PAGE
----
Tuesday, August 24, 2010

Myth or Reality?

When I went vegan 20+ years ago, a common theme was to "win an argument with a meat eater." Every topic was fair game, and every question or theory -- no matter how tangential or absurd -- was argued fanatically.

I fell into this trap, too, parroting the most outrageous claims about impotence, water usage, etc. It took me a long time to realize the point isn't to show how much propaganda I had memorized, or to glorify my veganism, or to "defeat" a meat eater.

Rather, the bottom line is to help animals by helping more people make informed, compassionate choices.

At the time, though, I failed to recognize that every claim and argument I offered not only didn't advance the animals' cause, but actually diluted and distracted from the indisputable ethical case for veganism.

Many of these dubious claims continue to float around today, undermining effective advocacy for the animals.

For example, some vegans feel the need to claim that veganism is "natural" (whatever that might mean). To this end, the vegan diet (as though there is a single vegan diet) has to be perfect in and of itself, no supplements.

This leads to what is perhaps vegans' most harmful fantasy: that we don't need to worry about B12.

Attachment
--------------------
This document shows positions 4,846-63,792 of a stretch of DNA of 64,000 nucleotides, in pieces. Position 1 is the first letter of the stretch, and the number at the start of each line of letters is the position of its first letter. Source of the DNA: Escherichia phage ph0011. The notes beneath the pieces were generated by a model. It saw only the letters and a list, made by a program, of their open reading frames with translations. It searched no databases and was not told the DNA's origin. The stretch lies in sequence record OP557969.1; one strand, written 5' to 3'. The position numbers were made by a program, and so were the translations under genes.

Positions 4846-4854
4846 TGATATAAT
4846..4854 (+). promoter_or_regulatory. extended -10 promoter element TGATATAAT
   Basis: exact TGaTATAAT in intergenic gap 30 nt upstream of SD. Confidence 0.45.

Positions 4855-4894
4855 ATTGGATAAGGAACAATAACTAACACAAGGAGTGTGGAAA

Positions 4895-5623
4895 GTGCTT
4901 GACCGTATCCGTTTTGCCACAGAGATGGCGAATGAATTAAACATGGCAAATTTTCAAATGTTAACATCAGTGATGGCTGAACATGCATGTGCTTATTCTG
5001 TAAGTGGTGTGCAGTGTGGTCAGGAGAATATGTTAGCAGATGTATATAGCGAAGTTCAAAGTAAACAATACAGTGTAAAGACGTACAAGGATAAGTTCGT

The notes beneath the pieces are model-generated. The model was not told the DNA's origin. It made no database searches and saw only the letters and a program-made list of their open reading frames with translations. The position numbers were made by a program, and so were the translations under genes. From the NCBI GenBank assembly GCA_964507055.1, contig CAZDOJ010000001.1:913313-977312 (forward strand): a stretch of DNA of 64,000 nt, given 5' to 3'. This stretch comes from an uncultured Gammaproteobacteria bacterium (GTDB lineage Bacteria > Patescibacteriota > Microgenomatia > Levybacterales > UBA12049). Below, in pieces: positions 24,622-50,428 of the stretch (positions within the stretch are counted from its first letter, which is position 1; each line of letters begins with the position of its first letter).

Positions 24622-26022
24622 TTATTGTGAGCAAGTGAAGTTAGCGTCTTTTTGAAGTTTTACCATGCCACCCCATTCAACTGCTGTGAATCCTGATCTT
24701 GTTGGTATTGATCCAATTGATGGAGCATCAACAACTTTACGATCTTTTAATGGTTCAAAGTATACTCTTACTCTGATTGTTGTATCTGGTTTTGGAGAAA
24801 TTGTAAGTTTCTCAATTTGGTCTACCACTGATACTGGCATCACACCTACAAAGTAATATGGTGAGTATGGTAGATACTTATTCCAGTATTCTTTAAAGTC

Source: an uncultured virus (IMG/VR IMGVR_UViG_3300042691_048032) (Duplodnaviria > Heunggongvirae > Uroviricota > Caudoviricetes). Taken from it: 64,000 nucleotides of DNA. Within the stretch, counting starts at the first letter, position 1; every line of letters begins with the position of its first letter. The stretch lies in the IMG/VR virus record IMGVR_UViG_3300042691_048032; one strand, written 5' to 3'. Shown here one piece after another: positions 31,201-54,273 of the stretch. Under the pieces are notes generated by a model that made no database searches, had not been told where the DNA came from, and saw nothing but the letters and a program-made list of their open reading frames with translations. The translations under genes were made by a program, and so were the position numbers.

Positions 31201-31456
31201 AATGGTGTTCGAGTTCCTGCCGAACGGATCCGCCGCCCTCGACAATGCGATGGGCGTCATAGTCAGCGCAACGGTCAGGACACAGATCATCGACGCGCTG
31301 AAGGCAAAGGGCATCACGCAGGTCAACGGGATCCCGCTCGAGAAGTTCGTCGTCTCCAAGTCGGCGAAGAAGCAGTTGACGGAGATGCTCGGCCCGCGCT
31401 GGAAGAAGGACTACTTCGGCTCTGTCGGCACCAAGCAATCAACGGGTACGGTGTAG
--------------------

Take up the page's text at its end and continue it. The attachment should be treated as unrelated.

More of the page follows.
Jack has worked against this for as long as Vegan Outreach has existed. But there are people still more committed to myth than reality, as evidenced by the need for Jack to address the latest incarnation of this insidious fallacy.

If you aren't familiar with Jack's research on B12, please be sure to check out his post, and the links therein.


Of course, I understand the desire to believe that veganism is our natural diet (and would cure baldness, bring world peace, etc.).

But our goal isn't to show how awesome veganism is; what is important is saving animals. To do this requires an honest evaluation of reality, from the nutritional aspects of veganism to the possibilities and psychology of how people can and do change.


Please consider promoting this post. Thanks! -Matt
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